“In the presence of the violent reality of war,” wrote Wallace Stevens in 1942, “consciousness takes the place of the imagination.” What the poet meant is that in wartime, “everything moves in the direction of reality, that is to say, in the direction of fact,” so that “we leave fact and come back to it, come back to what we wanted fact to be, not to what it was, not to what it has too often remained.” But this pressure toward fact and the desire to change, to remake the facts, become “overwhelming.”
It was difficult to look at “Here and Elsewhere,” the capacious exhibition of “contemporary art from and about the Arab world” (to quote from the press release), without sensing this overwhelming pressure toward fact. In part, this was a matter of timing. My first visit to the show, on view at the New Museum in New York City through September 28, took place the day after it opened on July 16, and just after Israel launched Operation Protective Edge, the attack on Gaza that killed more than 2,000 people, most of them civilians and many of them children, and left many more homeless. To encounter so much art so deeply marked by the fact of violence was hard to bear. My attention was relentlessly drawn to works like those from Lamia Joreige’s Objects of War series, begun in 1999, in which videos of people being interviewed about objects that evoke memories of the wars that ravaged Lebanon in the 1970s and ’80s are juxtaposed with the objects themselves. There was also Khaled Jarrar’s 2012 feature-length video Infiltrators, which follows the agonizing efforts of Palestinians to breach the wall separating Israel from the Occupied Territories—not to commit acts of terrorism, but mainly for economic and personal reasons. These works exhibit varying traits of formalization and fictiveness. The subjects of Joreige’s videos, for instance, speak with a clarity and self-assurance that would be unlikely in spontaneous conversation; their responses have clearly been well prepared in advance. But nevertheless, per Stevens, “everything moves in the direction of reality, that is to say, in the direction of fact.”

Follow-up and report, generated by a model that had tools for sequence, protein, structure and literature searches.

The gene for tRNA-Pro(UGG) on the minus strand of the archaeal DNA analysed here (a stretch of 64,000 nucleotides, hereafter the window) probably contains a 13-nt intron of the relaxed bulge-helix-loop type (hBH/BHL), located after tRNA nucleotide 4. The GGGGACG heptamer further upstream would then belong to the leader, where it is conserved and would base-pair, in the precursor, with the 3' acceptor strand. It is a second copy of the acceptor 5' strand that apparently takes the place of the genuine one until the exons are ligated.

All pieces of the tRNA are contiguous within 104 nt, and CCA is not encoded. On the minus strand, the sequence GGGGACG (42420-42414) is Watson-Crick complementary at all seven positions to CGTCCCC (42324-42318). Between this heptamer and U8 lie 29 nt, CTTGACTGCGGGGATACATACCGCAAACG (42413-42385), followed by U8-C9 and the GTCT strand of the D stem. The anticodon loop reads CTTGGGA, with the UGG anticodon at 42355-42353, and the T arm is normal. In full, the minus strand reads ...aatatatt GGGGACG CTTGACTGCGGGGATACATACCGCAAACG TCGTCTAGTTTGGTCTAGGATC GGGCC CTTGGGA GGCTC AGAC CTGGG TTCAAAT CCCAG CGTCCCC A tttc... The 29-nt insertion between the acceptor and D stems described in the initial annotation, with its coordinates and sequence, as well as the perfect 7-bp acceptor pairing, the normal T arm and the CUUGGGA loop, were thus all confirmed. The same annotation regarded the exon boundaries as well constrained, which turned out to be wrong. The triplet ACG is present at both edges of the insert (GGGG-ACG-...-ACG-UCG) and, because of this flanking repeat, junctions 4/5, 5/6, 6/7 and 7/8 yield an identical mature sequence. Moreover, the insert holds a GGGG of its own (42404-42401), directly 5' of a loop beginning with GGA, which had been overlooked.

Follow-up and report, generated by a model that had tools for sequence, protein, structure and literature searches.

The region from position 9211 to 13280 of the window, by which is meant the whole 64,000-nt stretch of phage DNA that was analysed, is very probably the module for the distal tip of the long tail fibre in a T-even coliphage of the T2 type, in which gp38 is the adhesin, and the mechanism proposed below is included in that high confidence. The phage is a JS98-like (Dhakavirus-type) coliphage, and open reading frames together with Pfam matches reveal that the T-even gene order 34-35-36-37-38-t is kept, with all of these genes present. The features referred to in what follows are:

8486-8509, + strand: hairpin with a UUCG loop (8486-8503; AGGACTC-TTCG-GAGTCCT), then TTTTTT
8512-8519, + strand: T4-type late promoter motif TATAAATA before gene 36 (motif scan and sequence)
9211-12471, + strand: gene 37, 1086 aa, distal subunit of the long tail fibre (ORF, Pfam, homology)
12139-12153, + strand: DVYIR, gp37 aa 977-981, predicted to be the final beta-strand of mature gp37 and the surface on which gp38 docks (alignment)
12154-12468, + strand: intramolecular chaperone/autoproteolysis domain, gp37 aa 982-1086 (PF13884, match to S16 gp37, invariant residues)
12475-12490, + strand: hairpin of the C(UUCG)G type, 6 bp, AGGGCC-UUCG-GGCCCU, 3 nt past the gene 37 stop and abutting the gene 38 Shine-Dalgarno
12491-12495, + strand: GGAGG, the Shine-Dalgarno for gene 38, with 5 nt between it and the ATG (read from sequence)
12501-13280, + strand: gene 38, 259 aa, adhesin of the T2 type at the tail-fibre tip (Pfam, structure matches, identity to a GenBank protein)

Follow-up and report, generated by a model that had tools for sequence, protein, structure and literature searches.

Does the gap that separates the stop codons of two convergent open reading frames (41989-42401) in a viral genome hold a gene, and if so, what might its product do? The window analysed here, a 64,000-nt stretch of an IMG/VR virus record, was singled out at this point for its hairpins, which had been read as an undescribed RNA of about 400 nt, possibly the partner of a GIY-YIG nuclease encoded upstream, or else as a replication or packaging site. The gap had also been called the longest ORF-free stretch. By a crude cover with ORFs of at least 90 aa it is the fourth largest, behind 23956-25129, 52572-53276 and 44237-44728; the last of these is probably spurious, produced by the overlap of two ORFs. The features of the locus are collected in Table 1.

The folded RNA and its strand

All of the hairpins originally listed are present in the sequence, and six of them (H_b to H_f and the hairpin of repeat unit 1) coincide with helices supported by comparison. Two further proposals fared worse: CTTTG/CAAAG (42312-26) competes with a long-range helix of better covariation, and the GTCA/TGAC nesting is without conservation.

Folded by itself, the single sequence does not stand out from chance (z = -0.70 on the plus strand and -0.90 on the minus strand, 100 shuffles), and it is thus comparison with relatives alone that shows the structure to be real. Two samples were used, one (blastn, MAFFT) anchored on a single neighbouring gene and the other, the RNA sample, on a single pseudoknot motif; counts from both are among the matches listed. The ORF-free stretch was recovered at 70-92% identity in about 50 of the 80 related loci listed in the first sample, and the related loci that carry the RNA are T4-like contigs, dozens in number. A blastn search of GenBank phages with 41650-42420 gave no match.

During a second visit to the museum in August, I could look and think with greater equanimity, even though the war in Gaza was still in full swing. I was better able to attend to the few works whose subjects are further removed from the facts of conflict—Etel Adnan’s brilliantly chromatic paintings of Mount Tamalpais in California, for instance, or Susan Hefuna’s drawings, with their abstract mapping of urban space—and to appreciate the efforts of others to find an adequate form for their facts. But my third visit was more like the first: I went on the thirteenth anniversary of the World Trade Center attacks, a breach in the seemingly smooth flow of history and one whose consequences we are still living. It became impossible to ignore that this exhibition may also be among those consequences (and among the few that are hopeful). There is good reason to think that my second, relatively “autonomous” experience of “Here and Elsewhere”—dominated as it was by a sense of what Stevens would have called the activity of the imagination in art, rather than of consciousness—would be the best opportunity for understanding it. How long or how consistently that stance can be maintained in a historical situation as dire as the one in which we now find ourselves—and by “we,” I mean the inhabitants of both the so-called West and its complementary East—is a contingent matter, however. Stevens could finally not articulate any clear distinction between an art of imagination and one of consciousness, because even the former “constantly illuminates the fundamental and endless struggle with fact,” while the reality that orients consciousness is always the one that does not yet exist, but should. There is an indelible encounter with a possibly unspeakable reality, but this encounter becomes the seed for an unforeseeable elaboration.